Whatever kind of agreement the Congress and the President come to regarding the looming “fiscal cliff,” it is guaranteed to be bad for the country. Preliminary reports on the negotiations call for $41 in tax increases in exchange for $1 in spending cuts among other disturbing changes in the tax system. It sounds like business as usual for the nation’s capital.
In the discussions in the last few months leading up to this point most talk centered around taxes and most of that concerned raising the taxes on the “very wealthy.” Even with President Obama’s standard on-going proposals of taxing the rich more, the revenue raised would fund the federal government for seven or eight days. Massive increases in taxes or confiscation of wealth of the “rich,” of which about 80 “Progressive” members of the House and Senate would love to see, would not close the deficit gap in a given year. At that point the country would careen into a depression with massive unemployment. Then what is Washington supposed to do to fund the on-going gravy train for the next year? And the next?
Spending cuts are hardly discussed and then it is related to only cutting the proposed increases slightly. I get tired of listening to “conservatives” and Republicans referring only in general terms about cutting federal spending. “Common sense spending” or “Limited government” are vague terms that one hears about or reads of in regard to fiscal discipline. Thankfully there is a benchmark regarding federal spending and regulation of our lives which most people ignore in this day. And that standard is the United States Constitution.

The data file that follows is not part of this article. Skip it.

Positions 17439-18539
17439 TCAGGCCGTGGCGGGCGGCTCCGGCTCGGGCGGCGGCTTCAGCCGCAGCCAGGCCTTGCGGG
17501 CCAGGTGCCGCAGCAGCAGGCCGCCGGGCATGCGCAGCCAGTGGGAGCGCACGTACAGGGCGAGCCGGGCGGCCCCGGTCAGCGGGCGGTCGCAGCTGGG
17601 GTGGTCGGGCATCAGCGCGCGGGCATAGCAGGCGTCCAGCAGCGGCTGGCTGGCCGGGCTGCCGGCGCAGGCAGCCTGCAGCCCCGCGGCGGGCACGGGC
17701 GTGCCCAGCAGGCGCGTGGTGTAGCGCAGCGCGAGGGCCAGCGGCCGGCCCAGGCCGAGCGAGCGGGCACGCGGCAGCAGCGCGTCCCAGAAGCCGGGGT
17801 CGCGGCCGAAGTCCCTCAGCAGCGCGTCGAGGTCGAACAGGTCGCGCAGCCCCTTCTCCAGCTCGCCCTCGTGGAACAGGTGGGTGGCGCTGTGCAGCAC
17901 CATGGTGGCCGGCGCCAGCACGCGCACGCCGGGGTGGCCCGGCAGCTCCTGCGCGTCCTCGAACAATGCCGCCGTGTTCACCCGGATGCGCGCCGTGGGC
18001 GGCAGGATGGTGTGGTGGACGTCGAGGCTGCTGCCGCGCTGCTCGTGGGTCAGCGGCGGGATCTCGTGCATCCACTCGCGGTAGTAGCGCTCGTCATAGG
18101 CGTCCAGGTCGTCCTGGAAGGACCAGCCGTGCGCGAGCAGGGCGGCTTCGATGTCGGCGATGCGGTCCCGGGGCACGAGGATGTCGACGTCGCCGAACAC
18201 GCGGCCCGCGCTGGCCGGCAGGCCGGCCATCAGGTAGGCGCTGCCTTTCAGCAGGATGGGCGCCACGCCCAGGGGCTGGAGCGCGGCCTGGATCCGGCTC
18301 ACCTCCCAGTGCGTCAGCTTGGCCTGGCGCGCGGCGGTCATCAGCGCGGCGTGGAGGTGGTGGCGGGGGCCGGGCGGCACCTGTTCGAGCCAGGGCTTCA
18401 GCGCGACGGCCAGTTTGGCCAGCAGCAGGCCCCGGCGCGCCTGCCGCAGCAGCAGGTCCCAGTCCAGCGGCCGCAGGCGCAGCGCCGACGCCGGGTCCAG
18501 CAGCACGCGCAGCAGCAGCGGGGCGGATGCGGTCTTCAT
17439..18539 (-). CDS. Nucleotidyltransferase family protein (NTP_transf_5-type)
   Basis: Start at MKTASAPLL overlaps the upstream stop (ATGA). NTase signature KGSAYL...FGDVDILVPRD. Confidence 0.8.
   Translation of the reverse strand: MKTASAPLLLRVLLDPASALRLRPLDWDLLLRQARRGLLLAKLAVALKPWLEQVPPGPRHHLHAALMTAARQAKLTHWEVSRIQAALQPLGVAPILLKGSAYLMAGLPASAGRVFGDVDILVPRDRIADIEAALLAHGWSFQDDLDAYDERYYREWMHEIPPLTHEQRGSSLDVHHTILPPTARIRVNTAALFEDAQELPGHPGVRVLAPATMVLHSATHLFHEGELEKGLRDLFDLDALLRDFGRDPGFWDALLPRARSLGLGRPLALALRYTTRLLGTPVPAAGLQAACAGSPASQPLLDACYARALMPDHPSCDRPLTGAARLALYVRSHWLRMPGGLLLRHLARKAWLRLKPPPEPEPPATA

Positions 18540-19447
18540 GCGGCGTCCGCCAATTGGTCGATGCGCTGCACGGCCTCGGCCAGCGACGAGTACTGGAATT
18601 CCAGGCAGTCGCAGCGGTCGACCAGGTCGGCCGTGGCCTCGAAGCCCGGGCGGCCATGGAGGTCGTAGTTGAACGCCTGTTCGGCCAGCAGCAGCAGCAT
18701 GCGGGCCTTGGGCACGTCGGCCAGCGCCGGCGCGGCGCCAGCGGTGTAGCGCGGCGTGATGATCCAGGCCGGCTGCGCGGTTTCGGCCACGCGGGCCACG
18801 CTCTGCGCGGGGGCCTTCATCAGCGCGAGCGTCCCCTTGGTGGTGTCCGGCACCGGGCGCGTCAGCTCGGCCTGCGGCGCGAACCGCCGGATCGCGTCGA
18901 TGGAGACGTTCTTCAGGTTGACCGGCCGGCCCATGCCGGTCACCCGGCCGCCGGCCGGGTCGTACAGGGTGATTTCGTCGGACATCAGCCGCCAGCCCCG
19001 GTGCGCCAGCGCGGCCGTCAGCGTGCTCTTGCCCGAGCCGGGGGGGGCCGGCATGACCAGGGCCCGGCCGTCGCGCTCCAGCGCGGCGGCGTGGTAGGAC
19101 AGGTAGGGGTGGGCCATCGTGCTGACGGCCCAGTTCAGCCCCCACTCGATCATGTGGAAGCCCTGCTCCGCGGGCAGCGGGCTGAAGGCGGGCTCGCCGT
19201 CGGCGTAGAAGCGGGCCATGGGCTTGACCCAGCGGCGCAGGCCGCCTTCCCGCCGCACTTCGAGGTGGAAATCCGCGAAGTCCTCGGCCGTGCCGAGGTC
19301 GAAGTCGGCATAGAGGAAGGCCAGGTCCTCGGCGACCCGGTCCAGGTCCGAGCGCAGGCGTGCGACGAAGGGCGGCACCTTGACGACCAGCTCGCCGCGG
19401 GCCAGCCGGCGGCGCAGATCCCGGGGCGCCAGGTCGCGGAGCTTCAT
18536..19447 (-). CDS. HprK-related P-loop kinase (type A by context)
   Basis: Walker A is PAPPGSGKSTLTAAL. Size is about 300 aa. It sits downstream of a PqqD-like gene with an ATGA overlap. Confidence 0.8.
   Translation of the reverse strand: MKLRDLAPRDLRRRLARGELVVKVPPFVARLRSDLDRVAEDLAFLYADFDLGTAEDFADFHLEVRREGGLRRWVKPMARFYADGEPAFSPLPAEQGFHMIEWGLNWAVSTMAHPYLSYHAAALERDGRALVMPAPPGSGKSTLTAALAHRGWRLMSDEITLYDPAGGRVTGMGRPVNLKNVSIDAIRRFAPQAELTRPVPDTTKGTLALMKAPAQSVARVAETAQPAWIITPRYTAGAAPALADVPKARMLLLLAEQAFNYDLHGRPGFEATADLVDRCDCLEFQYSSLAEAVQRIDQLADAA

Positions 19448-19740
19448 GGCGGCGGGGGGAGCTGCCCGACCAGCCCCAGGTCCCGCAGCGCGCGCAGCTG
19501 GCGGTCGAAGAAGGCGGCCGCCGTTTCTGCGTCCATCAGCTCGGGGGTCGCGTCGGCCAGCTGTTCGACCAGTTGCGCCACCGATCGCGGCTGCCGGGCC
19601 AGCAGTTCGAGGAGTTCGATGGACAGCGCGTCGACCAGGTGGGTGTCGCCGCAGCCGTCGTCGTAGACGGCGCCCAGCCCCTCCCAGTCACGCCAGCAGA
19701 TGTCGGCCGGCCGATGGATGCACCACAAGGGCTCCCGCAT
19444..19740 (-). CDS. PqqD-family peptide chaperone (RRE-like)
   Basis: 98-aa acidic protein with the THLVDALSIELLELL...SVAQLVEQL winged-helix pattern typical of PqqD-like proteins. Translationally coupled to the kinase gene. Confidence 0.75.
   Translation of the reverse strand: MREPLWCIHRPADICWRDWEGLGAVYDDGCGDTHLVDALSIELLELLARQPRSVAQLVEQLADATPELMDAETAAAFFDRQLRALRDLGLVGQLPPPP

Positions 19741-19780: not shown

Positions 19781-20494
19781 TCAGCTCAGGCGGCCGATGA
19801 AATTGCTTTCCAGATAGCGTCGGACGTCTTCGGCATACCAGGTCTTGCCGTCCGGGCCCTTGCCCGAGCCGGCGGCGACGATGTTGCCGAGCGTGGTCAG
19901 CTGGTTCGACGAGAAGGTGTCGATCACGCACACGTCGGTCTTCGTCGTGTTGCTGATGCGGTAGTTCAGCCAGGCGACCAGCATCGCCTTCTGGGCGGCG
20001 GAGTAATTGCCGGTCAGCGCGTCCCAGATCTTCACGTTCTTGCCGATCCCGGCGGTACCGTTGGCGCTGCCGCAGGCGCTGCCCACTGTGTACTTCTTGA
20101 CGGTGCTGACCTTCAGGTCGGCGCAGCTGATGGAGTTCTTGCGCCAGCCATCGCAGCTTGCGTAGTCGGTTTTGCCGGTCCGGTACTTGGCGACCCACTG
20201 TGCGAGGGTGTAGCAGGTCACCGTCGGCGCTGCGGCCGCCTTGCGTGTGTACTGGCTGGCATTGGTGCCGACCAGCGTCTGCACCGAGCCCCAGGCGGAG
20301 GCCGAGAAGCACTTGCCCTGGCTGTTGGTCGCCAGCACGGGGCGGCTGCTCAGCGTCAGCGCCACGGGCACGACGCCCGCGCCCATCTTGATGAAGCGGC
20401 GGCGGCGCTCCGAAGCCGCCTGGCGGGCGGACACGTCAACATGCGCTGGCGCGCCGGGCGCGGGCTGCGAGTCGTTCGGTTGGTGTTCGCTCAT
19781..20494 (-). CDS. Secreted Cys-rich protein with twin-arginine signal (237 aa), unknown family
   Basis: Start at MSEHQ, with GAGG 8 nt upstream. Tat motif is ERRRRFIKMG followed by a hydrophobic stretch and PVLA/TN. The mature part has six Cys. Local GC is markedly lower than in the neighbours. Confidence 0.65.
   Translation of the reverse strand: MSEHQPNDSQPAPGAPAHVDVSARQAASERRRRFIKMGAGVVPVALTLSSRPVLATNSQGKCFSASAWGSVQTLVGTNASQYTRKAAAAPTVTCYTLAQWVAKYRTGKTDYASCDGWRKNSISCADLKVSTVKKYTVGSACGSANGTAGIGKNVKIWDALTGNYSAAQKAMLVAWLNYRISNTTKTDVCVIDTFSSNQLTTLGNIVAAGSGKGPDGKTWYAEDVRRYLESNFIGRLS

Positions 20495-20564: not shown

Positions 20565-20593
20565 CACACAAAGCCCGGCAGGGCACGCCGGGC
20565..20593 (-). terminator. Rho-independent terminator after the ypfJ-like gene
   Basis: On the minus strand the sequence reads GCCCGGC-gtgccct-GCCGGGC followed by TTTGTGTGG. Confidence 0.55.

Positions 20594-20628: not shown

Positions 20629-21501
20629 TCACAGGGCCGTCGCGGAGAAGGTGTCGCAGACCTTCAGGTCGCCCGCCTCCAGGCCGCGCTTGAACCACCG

There are many today, in Congress, in the news gathering business, and otherwise who hold the constitution in contempt, saying it is an outmoded document, very quaint, anachronistic and out of touch with modern society. But I guarantee you if we do not get back to it we are doomed as a nation. I fear it is too late already.
There are too many departments, bureaus and programs emanating from Washington that are far beyond the scope of the authority the constitution gives to the federal government. One can look in the newspapers to see of grants coming into the region from Washington, D.C., for various projects or programs. It is endless. I have several file folders full of examples of Washington largess. How about keeping more of our tax money local so it can be spent locally to begin with without the bureaucracy in Washington getting their take.
So what do we cut or eliminate? We should eliminate departments such as Agriculture, Interior, Education, Energy, Housing and Urban Development, among others. Let Amtrak be privatized. Stop subsidies to favored businesses. Stop all foreign aid. Sell off federal land all over the country. Quit giving money to Planned Parenthood. Stop sending our military all over the world and involving ourselves in needless no-win wars. Bring tens of thousands of our military personnel home from Japan, Germany, Australia and Korea among other places.
The federal government is spending tens of millions to expand broadband in the country. Shouldn’t this be done by the communication companies themselves? How about at least cutting the budget of the meddlesome Environmental Protection Agency? They are the ones so concerned about the supposed haze problem of the mines. Net interest paid on our federal debt is around $233 billion for 2013 and projected to keep going up. That itself is troubling.